Assessing Future Possible Selves by Gender and Socioeconomic Status Using the Anticipated Life History Measure

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Abstract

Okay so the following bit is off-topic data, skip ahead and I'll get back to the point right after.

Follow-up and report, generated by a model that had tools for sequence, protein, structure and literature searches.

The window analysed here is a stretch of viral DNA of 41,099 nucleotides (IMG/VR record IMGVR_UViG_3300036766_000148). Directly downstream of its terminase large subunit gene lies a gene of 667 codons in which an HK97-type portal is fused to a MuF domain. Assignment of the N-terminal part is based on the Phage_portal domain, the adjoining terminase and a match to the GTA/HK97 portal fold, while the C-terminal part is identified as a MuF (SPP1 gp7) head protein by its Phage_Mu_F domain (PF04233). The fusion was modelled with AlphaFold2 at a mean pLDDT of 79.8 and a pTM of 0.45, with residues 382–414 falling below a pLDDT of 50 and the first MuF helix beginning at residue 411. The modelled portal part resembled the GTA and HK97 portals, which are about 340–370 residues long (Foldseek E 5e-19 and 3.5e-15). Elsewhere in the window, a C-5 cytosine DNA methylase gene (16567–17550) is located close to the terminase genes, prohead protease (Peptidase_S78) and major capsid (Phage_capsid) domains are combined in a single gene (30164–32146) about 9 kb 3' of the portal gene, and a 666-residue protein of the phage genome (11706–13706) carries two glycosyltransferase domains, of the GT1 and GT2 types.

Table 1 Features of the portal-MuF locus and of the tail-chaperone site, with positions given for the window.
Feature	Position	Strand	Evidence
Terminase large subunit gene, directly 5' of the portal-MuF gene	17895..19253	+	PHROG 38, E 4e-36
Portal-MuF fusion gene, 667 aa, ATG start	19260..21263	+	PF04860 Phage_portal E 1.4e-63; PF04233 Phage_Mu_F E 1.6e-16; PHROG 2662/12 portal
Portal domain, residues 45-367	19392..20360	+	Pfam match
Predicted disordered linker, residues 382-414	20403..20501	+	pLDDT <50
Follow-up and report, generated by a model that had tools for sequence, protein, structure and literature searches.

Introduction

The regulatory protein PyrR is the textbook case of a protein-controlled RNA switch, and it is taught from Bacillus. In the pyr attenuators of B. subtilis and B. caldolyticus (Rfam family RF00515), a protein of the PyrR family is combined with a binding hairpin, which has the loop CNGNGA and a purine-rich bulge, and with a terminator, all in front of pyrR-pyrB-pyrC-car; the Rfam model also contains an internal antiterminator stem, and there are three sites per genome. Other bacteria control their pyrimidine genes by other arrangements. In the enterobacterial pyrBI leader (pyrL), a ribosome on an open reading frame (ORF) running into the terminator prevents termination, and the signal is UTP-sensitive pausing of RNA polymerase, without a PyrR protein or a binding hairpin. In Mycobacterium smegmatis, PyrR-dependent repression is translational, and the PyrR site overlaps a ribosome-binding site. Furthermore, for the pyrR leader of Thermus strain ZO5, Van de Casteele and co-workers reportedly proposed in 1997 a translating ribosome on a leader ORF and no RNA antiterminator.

This is a report from the first phase of a longitudinal study of the ways young adults imagine their future lives. The future possible selves of 223 18- and 19-year-old adults were examined using the Anticipated Life History measure (ALH), a psychological instrument prompting participants to describe their future life course from their 21st birthday until their death. When the ALH narratives were coded for presence/absence of life events, female participants were more likely to predict career choice, marriage, children, divorce, and death of spouse than their male counterparts; when coded for psychological qualities, female participants demonstrated greater psychological complexity and awareness of future life role choices and conflicts. Participants with lower SES wrote ALH narratives with fewer altruistic acts, less awareness of life role complexity, and fewer anticipated conflicts and their resolutions than those with higher SES.

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